Zabbix Email Notifications


Now that we’ve setup a Zabbix server and configured some hosts, we need to get notified when there are issues with our hosts. The easiest way to be notified is probably via email (This is my go-to notification option since it is so widely supported).

Email Configuration

Configuring the email service is pretty straightforward:

  1. In the Zabbix WebUI navigate to: Administration > Media Types > Email (HTML)
  2. Update the outgoing SMTP settings to match those of your email provider (i.e. Gmail)
    • Be sure to setup and use an App Password if you have two-factor enabled for your email account.
  3. Click Update
  4. Click Test to make sure the settings work.

Enable Email Notifications for User

In order for emails to be sent, you need to enable them for your Zabbix user:

  1. In the Zabbix WebUI navigate to: User Settings > Media > Add
  2. In the Type box choose ‘Email (HTML)
  3. Add the email address to which you would like to send notifications.
  4. Click Add
  5. Click Update

Choose Which Notifications to Receive

Now that we have the email service configured and the user set to receive emails, we need to tell Zabbix which types of emails to send (what severity, which hosts, or which triggers). In general I like to be notified of any triggers that have a severity of Average or above:

  1. In the Zabbix WebUI navigate to: Configuration > Actions > Report problems to Zabbix administrators
  2. Under Conditions click Add
  3. Choose Type:Trigger severity and choose what severity you would like to be notified for (I choose ‘is greater than or equals’ a severity of ‘Average
  4. Click Add
  5. Check the Enabled box.
  6. Click Update


Now sit back and wait for the notifications to roll in – or instead of waiting, go make some breaking changes to your Hosts! (Just make sure you can roll back your changes easily with something like Proxmox backups/snapshots!)

Zabbix Host Configuration


If you’re not sure what Zabbix is or how to set it up, see my first Zabbix blog post. Once we have a running instance of the Zabbix server we can begin adding hosts that we would like to monitor. Adding a host consists of two primary steps: Configure the Client & Configure the Host (Server).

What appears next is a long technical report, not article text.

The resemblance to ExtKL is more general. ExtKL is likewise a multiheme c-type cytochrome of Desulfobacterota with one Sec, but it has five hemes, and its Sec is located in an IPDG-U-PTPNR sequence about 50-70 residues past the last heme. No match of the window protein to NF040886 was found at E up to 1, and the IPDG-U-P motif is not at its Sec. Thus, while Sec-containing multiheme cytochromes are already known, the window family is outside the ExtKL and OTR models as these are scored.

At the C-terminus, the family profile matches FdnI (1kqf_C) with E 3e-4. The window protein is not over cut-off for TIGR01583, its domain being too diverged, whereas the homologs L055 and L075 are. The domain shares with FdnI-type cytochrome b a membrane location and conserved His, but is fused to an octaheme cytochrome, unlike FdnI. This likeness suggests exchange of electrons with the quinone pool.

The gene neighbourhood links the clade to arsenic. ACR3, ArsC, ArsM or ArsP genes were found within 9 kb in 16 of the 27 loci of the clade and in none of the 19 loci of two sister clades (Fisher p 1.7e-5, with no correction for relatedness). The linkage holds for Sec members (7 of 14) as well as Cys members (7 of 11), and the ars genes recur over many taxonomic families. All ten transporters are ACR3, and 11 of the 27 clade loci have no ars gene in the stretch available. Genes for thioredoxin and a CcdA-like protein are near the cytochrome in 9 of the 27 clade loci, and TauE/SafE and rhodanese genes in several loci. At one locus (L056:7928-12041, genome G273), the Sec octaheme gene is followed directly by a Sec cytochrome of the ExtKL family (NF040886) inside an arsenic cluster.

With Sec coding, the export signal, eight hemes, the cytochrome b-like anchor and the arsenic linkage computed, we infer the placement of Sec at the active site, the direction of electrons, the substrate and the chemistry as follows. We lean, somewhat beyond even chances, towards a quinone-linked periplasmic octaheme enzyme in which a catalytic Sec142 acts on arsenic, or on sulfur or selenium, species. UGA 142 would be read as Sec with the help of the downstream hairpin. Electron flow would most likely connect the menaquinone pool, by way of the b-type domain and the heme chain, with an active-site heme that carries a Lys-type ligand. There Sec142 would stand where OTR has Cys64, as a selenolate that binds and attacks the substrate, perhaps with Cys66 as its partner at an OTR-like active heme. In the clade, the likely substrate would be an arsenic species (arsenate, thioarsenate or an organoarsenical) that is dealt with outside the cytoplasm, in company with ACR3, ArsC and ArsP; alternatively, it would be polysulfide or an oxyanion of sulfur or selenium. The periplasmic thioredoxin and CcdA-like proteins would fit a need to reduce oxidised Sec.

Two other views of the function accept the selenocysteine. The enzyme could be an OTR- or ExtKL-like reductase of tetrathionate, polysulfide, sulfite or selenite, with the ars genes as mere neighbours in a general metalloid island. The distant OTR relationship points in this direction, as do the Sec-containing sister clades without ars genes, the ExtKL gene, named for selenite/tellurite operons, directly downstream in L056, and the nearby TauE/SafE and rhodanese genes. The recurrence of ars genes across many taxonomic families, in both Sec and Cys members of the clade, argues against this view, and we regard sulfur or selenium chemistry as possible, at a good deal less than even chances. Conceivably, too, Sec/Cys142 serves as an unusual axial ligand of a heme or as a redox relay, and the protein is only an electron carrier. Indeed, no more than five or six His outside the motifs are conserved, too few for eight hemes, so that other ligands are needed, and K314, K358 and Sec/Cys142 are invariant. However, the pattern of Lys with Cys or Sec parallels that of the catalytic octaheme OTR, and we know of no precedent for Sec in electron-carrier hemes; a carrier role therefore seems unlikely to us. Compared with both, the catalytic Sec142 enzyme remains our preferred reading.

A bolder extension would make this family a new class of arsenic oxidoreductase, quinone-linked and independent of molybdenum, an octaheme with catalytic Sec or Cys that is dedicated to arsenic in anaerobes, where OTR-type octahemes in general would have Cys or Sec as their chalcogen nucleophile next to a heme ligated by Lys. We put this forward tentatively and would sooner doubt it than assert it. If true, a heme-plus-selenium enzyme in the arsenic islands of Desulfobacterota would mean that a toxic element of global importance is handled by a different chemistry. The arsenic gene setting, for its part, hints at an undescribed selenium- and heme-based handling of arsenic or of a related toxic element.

Configuring a Host

In order for Zabbix to get information from a client machine (Zabbix calls them Hosts) we need to configure some kind of protocol for Zabbix to use when fetching information. Some of the most popular protocols Zabbix uses are:

  • Zabbix Agent <- I Prefer this
  • SNMP <- Often built in – so requires no additional software
  • JMX <- For monitoring Java applications(?)
  • IPMI <- Good for enterprise gear (HP iLO, DELL DRAC, IBM RSA, Sun SSP, etc)

Below are a few host configurations for some of the above ‘protocols’.

Host Configuration: Zabbix Agent

In order to use the Zabbix agent, we can simply install the agent like any other package:

# Install the agent on Ubuntu/Debian
apt-get install zabbix-agent

# Configure agent with Zabbix server address
nano /etc/zabbix/zabbix_agentd.conf
# Update `Server=` to the ip/hostname of your Zabbix server

# Start the Zabbix Agent
service zabbix-agent start

Host Configuration: SNMP

Configuring the host with SNMP will be different for each machine, but usually there is some kind of simple GUI that allows you to enable SNMP, and provide a community string (a sort of authentication). Here’s an example that used the term ‘Trap’ to represent the SNMP configuration:

Host Configuration: IPMI

The IPMI configuration also may be different for each machine, but it is generally pretty easy to enable:

Configuring a Host on the Server (Zabbix)

Once we have the hosts configured with at least once source ‘protocol’ we can add them to Zabbix. This is also pretty straightforward:

  • In the Zabbix WebUI navigate to: Configuration > Hosts > Add Host and provide a hostname, a group and interface(s). Once finished, click Add. Note: you can also use a hostname in the DNS name field instead of an ip address.
    • Note: If configuring IPMI, you’ll need to provide the host credentials on the IPMI tab.
  • Also, be sure to add at least one Template to the host. Templates help Zabbix categorize the data it fetches from the hosts – templates can be used on many machines to standardize the data that is fetched from the hosts.